When a mysterious fog surrounds the boundaries of California, there is a communication breakdown and all the Mexicans disappear, affecting the economy and the state stops working missing the Mexican workers and dwellers.
Isidor's Tortilla Heaven is the best restaurant in New Mexico maybe even the world. But though his tortillas are scrumptious, his enchiladas divine, Isidor has never made a dime. Why? He ... See full summary »
Two young Mexican attorneys attempt to exonerate a wrongly convicted man by making a documentary. In the process, they expose the contradictions of a judicial system that presumes suspects guilty until proven innocent.
Benjamin Garcia, Benny, is deported from the United States. Back home and against a bleak picture, Benny gets involved in the narco business, in which has for the first time in his life, an... See full summary »
A 24 hour period in the lives of Fausto and Jesus, two undocumented Mexican day-laborers in L.A. Each day another task, each day the same pressure to find money. They go about their daily ... See full summary »
Jesus Moises Rodriguez,
A kind of musical accompanying the story of the early 1940's and the effect that the "zoot suit" (a man's suit of long jacket and pegged pants, always worn with a long keychain that looped ... See full summary »
Edward James Olmos,
News reports, with dramatizations within the faux documentary footage, explain that people across California have awakened to a state from which the Mexicans have disappeared: husbands, ... See full summary »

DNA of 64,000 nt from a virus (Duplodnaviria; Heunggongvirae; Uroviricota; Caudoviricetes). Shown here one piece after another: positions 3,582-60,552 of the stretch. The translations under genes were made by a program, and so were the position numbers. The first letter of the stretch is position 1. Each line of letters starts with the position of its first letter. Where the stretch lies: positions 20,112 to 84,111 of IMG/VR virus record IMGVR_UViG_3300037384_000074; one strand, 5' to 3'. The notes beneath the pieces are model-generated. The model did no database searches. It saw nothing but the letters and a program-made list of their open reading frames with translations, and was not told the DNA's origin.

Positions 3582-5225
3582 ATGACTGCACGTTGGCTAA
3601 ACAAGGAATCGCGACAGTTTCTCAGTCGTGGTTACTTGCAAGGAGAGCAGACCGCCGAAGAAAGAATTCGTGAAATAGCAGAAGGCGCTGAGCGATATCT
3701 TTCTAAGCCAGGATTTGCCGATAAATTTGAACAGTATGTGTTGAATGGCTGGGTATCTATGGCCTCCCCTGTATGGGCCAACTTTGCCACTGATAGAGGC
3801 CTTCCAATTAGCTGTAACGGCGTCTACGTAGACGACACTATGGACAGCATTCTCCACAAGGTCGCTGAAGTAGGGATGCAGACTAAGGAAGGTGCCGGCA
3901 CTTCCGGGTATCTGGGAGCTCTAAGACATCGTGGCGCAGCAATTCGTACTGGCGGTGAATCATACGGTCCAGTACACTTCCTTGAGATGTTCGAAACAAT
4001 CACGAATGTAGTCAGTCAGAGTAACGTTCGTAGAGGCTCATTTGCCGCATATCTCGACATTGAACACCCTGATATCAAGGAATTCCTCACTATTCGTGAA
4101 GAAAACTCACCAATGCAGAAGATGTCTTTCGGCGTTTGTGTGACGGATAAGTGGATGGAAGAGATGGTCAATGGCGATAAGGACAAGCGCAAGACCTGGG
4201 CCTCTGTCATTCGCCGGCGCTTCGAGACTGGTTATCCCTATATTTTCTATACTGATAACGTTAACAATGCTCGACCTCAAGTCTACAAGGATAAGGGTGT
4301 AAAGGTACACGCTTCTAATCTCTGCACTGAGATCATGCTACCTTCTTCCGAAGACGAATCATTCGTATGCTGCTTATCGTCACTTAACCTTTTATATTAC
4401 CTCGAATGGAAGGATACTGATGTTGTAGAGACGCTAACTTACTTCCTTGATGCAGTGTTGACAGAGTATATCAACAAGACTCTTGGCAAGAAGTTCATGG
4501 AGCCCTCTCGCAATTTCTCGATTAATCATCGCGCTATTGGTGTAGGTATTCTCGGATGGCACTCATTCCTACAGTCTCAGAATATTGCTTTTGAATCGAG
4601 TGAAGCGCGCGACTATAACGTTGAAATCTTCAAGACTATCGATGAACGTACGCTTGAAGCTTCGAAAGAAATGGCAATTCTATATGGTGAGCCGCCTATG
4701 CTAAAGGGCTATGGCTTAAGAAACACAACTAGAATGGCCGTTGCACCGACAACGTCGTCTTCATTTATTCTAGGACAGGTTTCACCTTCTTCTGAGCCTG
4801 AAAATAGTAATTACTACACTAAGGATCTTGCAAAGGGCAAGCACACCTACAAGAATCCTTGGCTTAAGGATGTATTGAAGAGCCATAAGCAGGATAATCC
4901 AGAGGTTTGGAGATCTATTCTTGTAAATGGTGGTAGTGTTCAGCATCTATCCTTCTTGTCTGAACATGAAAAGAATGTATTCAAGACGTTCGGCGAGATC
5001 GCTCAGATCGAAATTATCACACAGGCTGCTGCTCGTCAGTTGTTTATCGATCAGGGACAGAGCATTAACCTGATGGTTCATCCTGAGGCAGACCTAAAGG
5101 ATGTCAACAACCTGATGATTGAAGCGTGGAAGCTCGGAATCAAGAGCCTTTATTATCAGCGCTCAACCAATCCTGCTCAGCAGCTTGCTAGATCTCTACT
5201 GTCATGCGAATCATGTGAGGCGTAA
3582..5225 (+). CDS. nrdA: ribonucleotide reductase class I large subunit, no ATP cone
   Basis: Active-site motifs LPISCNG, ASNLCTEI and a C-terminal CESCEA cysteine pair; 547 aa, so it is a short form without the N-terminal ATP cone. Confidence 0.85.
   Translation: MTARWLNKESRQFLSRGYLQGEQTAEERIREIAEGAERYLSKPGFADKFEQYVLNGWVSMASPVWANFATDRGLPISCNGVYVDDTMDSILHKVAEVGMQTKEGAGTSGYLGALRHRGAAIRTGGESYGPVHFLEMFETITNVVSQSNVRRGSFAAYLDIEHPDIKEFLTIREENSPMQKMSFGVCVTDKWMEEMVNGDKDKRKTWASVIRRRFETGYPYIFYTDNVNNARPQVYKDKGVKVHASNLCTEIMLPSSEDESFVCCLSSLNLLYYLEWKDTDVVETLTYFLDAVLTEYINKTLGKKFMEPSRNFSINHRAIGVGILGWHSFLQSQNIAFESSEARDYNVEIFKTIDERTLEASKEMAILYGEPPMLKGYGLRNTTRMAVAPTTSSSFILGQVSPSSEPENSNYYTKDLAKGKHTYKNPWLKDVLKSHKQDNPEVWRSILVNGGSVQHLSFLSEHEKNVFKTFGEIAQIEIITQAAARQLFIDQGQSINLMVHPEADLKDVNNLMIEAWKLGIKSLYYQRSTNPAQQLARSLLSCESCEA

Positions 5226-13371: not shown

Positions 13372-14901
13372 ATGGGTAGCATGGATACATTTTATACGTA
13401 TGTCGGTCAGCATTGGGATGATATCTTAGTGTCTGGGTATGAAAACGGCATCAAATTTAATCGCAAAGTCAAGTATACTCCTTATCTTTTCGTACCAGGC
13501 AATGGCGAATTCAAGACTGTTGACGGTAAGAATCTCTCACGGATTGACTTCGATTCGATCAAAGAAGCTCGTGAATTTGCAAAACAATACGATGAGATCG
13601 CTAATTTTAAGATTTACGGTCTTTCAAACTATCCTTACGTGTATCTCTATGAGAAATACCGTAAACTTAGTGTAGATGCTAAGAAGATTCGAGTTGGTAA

Tina S. Nieto
A thick fog surrounds California's borders, communication beyond state lines is cut off, and the Mexicans disappear: workers, spouses, and business owners are missing. Cars are abandoned in the street, food is left cooking on the stove. We meet the wife of a musician who's gone, a state Senator whose maid doesn't show up for work, and a farm owner whose produce is ripe and unpicked. A scientist asks any Mexicans who haven't disappeared to volunteer for genetic experiments: a female newscaster and the daughter of the musician may be the only missing links around. Why them? And where have all the Mexicans gone? Even the border guards grieve. The state and its economy grind to a halt. Written by
When Senator Abercombie is declaring a state of emergency and telling the reporters the military is conducting reconnaissance missions, the F-16 shown flying into the fog has Washington (state) Air National Guard markings on it. See more »
Disclaimer: "No Mexicans were harmed in the making of this film". See more »
I just finished watching A Day Without a Mexican, so my comments are fresh.
As some other reviewers have mentioned, this film had the potential to be much more in terms of social commentary. The fact that it went in a comedic direction isn't bad in itself, it's just the execution of everything seemed so flawed.
There were chances to make statements, and to be relevant; one can still do that while still being funny. It's just -- I never laughed during the entire film, and I never felt as if any point was driven home, so it failed both goals.
I won't call this a bad film, but it's certainly not worth the $4 rental fee. If it shows up on TV for free, go ahead and watch it, otherwise find something else to spend your money on. Stereotypes can be used to convey a serious message (see Hollywood Shuffle), however I'm not sure what this film's message really was. Was it that Mexicans are a cheap economic revenue? That they're our maids, and token love interests?
As for bad acting, I can get over that. The problem is with the script. The initial idea sounds great, but the initial idea needs followed up with original and clever thought; that's where this film went downhill quickly.
29 of 42 people found this review helpful.
Was this review helpful to you?